Last time I flew FGM (the Pilatus demonstrator) it did not have the kit, but for all I know it may have it now.

Last edited by rcoight; 18th Jul 2019 at 07:49. Reason: clarity
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Old 18th Jul 2019, 06:59
  #117 (permalink)  
 
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Originally Posted by LeadSled View Post
<stuff>
Righto, mate. Again, no argument. A competent pilot with decent PC12 time or other jet time should be fine.

It is, however, a fact that one owner placed his -24 on the market after failing to pass the course twice and giving up, and at least a couple of other pilots have been told they are wasting their time and money and to come back when they have more experience that would help them through the course.
I'm not suggesting this is unique to the -24 or that the -24 is some sort of space shuttle. I'd bet that happens from time to time on pretty much anything that requires a type rating.
Your comment on the FAA check airman is pretty disrespectful. This gentleman has flown everything from piston airliners to wide-body jets and practically every type of biz-jet imaginable up to and including Gulfstreams in an extraordinary career the likes of which most of us could only dream of. If he tells me that in his opinion the PC-24 should not be considered an entry level jet I'll listen to him. Especially as he's the guy who decides whether or not to sign me off!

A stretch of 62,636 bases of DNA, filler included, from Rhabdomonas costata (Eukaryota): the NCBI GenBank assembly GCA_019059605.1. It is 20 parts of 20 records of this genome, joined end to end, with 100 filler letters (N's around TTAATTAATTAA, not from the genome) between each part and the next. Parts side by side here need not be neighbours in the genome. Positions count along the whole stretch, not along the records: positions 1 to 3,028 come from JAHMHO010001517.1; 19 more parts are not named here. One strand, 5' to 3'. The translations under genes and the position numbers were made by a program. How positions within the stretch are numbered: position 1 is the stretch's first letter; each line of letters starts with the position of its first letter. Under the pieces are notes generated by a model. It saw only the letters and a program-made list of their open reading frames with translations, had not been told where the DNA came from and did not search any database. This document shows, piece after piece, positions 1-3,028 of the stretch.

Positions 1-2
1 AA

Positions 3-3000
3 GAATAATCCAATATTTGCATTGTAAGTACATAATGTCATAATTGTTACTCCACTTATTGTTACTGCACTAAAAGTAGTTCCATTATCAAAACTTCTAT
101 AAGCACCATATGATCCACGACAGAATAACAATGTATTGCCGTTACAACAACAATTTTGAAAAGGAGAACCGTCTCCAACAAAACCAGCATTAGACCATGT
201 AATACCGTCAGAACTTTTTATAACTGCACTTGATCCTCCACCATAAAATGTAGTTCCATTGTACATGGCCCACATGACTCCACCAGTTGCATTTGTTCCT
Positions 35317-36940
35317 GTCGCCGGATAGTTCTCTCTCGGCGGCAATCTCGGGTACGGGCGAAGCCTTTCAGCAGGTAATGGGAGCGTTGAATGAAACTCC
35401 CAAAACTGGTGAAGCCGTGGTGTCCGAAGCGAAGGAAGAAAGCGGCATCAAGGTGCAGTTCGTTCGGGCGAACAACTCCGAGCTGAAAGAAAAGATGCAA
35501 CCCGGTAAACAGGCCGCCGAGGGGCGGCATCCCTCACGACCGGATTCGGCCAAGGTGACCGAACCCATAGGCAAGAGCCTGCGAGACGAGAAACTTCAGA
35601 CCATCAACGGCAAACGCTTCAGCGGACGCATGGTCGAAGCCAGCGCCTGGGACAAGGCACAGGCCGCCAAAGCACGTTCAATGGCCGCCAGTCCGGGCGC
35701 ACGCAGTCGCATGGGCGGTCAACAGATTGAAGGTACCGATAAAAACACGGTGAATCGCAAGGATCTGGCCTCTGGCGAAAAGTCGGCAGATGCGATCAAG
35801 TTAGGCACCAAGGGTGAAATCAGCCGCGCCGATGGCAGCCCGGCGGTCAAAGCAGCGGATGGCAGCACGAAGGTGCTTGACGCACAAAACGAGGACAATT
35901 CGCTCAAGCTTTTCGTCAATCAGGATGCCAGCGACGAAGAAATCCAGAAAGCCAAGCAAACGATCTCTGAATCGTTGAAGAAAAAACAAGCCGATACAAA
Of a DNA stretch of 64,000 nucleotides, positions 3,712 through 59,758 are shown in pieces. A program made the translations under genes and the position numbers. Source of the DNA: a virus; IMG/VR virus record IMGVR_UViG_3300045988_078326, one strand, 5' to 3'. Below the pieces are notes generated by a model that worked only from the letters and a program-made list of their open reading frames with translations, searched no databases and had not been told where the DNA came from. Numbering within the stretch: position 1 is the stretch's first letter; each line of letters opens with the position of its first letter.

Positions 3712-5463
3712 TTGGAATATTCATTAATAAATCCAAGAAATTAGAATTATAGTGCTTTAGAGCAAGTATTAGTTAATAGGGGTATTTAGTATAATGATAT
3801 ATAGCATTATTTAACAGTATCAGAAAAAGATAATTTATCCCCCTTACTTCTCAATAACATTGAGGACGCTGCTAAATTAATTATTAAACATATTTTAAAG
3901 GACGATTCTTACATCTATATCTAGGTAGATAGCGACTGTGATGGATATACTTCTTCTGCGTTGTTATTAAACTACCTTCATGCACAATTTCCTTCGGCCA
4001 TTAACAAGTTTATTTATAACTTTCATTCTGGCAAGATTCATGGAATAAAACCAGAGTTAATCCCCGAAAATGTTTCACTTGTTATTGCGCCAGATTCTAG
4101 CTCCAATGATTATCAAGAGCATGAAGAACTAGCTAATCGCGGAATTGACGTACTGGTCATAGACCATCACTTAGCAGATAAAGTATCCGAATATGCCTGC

Cheers
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Old 18th Jul 2019, 10:48
  #118 (permalink)  
 
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Itís a single pilot swept wing Mach .7 or so, multi engined thing with a comprehensive suite of manuals, procedures and checklists/memory items etc that all need to be absorbed, rehearsed and demonstrated to the checkie. Itís no picnic..not everyone is cut out or current enough to pass the course